Serial.print("0");

    if(headingOnes < 10)
        Serial.print("0");

    Serial.print(headingOnes);

    Serial.println("OK");
}

void setup()
{
    Serial.begin (57600);
}

void loop()
{
    // A more efficient way to wait 16 ms
    t_ms = millis();
    t = (double)t_ms / 1000.0;

    if ( t_ms - t_ms_prev > (tsamp_ms-1) )
    {
        do16ms();
        t_ms_prev = t_ms;
    }
}

Ok, now since I'm using C++, I thought it wise to whip up a serial port class.  It doesn't do any PC-to-Arduino transmission, but you could shove some in there easily enough.  I never got good results using non-overlapped reads with the Windows API, so just take everything relating to it with a grain of salt.  My Arduino shows up as COM11 which apparently requires some crazy syntax, which is why I open "\\\\.\\COM11" so don't ask... smiley

Also, I am lazy and I just hard-coded my baud rate and port names into the class implementation.  I know that's terrible OO, but you're getting this code for free smiley-wink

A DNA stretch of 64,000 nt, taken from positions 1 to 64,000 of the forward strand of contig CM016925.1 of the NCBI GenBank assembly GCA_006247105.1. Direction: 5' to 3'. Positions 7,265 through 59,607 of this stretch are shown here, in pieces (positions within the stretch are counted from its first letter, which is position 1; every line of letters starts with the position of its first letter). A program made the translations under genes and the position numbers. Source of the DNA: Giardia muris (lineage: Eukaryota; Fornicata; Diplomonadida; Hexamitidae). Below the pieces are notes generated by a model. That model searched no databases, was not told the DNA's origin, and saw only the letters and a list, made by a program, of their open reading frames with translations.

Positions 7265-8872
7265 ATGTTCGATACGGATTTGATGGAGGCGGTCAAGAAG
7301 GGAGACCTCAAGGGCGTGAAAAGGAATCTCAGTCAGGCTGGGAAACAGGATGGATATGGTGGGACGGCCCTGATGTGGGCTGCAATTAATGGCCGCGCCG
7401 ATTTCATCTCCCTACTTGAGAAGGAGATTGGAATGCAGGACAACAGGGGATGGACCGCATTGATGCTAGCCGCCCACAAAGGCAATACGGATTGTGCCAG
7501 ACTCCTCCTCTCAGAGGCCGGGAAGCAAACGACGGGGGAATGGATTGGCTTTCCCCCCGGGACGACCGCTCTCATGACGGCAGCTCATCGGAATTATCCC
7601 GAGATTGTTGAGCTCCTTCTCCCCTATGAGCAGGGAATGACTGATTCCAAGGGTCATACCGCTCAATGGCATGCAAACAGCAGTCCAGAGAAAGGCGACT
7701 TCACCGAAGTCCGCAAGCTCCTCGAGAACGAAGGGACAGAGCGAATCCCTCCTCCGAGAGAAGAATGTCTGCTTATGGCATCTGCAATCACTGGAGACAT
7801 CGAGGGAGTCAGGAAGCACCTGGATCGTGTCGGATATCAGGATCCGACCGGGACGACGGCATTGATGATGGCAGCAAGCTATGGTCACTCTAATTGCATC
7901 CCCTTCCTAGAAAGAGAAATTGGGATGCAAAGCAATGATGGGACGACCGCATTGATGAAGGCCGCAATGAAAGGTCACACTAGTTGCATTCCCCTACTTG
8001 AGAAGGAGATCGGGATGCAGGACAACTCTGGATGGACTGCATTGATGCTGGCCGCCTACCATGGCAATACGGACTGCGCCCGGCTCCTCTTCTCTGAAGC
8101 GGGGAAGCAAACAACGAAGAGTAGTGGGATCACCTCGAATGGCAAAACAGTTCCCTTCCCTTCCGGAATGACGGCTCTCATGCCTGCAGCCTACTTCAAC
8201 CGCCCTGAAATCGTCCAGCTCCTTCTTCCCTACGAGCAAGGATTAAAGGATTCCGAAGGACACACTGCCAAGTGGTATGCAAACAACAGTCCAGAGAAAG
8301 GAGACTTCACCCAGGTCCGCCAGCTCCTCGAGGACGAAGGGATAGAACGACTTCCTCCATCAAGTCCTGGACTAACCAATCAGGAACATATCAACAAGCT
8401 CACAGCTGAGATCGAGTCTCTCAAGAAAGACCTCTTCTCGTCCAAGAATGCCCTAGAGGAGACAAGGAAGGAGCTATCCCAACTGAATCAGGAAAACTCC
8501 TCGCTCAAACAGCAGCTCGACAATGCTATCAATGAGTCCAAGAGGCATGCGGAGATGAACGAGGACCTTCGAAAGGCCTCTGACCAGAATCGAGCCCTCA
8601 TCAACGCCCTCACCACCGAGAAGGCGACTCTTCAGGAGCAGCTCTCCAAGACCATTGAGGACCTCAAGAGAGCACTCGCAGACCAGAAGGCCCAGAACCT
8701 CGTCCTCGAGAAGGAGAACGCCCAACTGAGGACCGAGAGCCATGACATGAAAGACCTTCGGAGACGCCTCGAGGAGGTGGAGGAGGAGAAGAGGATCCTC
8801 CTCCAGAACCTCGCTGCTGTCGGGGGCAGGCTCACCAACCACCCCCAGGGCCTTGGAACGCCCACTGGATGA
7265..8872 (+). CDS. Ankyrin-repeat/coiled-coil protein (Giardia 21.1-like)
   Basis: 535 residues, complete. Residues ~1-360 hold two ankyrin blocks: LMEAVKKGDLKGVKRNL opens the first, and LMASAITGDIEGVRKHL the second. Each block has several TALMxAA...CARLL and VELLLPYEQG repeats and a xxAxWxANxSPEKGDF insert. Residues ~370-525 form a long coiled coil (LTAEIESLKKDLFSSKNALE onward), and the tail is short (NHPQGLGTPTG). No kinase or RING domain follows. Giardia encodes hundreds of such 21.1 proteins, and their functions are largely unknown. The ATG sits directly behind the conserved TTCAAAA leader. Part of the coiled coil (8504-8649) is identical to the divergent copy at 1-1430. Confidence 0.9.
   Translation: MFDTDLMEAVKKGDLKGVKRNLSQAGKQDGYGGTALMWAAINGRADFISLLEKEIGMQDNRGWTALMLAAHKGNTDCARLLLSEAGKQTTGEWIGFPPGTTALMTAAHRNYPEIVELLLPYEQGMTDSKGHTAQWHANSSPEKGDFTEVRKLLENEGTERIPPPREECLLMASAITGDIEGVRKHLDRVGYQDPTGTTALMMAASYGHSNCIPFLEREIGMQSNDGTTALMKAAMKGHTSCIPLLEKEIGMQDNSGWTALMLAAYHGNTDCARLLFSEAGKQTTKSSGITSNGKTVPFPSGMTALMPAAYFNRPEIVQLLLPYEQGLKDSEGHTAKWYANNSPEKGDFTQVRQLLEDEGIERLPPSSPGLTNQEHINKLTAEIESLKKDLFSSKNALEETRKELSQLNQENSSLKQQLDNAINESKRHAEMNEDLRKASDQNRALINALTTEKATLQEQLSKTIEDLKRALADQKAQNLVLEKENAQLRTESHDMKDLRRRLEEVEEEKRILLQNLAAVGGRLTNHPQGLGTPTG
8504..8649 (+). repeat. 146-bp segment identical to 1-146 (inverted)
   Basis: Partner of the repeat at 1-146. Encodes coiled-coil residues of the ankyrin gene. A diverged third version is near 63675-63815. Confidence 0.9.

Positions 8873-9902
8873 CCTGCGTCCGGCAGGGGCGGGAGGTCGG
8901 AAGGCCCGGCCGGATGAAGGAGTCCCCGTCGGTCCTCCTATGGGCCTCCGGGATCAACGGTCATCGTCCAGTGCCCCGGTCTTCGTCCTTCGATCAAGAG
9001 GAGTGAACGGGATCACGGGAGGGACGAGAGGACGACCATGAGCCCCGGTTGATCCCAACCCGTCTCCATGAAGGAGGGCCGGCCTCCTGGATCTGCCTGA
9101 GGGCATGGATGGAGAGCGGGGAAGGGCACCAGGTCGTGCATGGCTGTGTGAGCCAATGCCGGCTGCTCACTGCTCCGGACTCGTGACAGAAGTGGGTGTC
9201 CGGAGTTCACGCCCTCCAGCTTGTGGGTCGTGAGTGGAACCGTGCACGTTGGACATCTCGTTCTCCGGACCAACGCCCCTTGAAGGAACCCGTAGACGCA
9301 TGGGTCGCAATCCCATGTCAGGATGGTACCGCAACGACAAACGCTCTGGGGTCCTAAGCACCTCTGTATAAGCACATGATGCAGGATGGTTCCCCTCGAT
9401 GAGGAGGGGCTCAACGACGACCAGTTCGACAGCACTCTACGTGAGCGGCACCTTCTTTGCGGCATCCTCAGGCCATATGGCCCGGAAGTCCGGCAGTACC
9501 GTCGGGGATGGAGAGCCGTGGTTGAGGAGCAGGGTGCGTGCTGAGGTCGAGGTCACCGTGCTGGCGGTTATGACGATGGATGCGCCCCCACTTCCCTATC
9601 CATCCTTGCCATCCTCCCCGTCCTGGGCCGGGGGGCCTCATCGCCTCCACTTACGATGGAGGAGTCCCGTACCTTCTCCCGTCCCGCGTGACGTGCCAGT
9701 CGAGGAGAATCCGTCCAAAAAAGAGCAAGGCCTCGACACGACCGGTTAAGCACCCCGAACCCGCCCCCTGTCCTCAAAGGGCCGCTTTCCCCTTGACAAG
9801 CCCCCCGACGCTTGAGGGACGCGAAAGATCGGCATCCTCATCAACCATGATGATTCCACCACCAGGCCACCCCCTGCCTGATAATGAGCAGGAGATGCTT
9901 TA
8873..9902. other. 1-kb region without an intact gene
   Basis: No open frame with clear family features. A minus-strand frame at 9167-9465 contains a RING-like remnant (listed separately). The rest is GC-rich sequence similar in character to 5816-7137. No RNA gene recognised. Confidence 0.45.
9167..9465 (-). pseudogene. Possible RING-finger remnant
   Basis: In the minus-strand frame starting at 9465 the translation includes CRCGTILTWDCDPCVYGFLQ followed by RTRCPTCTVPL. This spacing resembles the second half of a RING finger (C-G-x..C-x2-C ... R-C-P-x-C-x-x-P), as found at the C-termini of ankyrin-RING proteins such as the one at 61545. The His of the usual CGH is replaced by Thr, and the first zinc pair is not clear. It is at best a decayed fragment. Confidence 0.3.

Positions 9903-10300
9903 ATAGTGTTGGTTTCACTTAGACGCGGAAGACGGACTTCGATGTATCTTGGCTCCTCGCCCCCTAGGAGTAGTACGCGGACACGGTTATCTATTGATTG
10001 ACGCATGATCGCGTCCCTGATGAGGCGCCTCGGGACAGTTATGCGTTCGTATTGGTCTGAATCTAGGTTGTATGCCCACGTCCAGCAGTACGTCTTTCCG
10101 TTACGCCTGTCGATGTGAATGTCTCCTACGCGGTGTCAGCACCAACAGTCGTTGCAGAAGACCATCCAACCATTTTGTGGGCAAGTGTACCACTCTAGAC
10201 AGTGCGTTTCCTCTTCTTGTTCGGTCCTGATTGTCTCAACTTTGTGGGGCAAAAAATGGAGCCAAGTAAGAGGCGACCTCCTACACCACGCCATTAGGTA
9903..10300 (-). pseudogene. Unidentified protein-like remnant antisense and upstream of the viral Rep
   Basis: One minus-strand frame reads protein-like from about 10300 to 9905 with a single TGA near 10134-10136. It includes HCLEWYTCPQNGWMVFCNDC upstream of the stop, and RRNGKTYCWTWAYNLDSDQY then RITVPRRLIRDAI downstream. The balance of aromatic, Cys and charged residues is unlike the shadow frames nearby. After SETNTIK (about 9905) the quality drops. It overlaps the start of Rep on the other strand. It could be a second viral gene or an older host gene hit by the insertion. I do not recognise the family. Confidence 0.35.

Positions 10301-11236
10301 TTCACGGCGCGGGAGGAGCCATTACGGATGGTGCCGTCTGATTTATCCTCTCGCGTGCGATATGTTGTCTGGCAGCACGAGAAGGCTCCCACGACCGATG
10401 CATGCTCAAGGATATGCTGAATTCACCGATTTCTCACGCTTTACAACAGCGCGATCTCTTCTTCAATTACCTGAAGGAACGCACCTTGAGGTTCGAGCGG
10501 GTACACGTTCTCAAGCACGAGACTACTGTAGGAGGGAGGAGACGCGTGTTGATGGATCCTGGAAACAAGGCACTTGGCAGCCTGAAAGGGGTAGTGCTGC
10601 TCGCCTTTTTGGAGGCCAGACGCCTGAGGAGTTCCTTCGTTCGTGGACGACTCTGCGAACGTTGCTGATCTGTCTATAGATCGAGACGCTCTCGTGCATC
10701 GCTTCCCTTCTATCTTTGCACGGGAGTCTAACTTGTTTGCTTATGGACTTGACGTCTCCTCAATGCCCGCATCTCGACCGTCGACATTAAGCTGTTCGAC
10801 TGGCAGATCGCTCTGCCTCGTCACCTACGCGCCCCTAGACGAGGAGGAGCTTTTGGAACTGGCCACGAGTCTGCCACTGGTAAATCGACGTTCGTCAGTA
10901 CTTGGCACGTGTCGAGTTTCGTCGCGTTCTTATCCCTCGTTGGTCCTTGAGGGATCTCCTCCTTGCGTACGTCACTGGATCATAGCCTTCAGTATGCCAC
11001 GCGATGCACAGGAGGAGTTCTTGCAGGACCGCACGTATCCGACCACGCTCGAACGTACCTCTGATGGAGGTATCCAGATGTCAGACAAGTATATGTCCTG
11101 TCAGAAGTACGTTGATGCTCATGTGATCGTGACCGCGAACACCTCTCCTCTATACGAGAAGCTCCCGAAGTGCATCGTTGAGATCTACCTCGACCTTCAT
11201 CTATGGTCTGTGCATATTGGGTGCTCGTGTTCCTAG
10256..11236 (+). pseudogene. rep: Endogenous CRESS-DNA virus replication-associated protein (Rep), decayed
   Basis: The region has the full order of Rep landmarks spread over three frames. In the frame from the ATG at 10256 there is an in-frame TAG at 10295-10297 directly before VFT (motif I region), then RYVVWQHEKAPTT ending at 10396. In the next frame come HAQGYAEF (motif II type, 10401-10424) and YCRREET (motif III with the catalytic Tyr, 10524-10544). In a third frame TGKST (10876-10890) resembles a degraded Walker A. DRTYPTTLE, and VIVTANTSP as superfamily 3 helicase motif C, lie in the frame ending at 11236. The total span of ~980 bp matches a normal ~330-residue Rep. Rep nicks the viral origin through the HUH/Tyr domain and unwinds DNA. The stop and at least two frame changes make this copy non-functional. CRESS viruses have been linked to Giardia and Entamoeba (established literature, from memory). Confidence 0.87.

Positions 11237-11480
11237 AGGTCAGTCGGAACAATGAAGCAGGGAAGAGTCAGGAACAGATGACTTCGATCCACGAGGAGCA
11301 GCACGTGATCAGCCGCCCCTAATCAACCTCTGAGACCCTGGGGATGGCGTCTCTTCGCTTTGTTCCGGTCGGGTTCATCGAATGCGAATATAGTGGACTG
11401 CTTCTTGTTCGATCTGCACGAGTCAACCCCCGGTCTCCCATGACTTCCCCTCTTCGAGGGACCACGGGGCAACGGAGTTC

Serial.h
Code:
#pragma once

#include <string>
#include <windows.h>

class Serial
{
public:
    Serial();
    ~Serial();
    void open();
    void read(char *buffer, int buffLen);
    void close();
private:
    HANDLE m_pComPortHandle;
    BOOL m_bOpened;
    DCB m_dcb;
    OVERLAPPED m_OverlappedRead;
};

Serial.cpp
Code:
#include "Serial.h"
#include <iostream>
using namespace std;

Serial::Serial()
{
    memset( &m_OverlappedRead, 0, sizeof( OVERLAPPED ) );
}

Serial::~Serial()
{
    close();
}

void Serial::open()
{
    // reset DCB
    memset(&m_dcb,0,sizeof(m_dcb));
   
    // open the serial port
    m_pComPortHandle = CreateFile("\\\\.\\COM11", GENERIC_READ|GENERIC_WRITE, 0, NULL, OPEN_EXISTING, FILE_ATTRIBUTE_NORMAL | FILE_FLAG_OVERLAPPED, NULL);
   
    // set up the overlapped event
    m_OverlappedRead.hEvent = CreateEvent( NULL, TRUE, FALSE, NULL );
   
    // set the DCB
    GetCommState(m_pComPortHandle, &m_dcb);
    m_dcb.DCBlength = sizeof(m_dcb);
    m_dcb.BaudRate = 57600;
    m_dcb.Parity = NOPARITY;
    m_dcb.StopBits = ONESTOPBIT;
    m_dcb.ByteSize = 8;
    SetCommState(m_pComPortHandle, &m_dcb);
}

void Serial::read(char *buffer, int dwBytesToRead)
{
    BOOL bReadStatus;
    DWORD dwBytesRead, dwErrorFlags;
    COMSTAT comStat;

    // Empty the input buffer
    PurgeComm(m_pComPortHandle, PURGE_RXCLEAR);

    // Set comStat.cbInQue to zero (number of bytes in the inut buffer)
    ClearCommError( m_pComPortHandle, &dwErrorFlags, &comStat );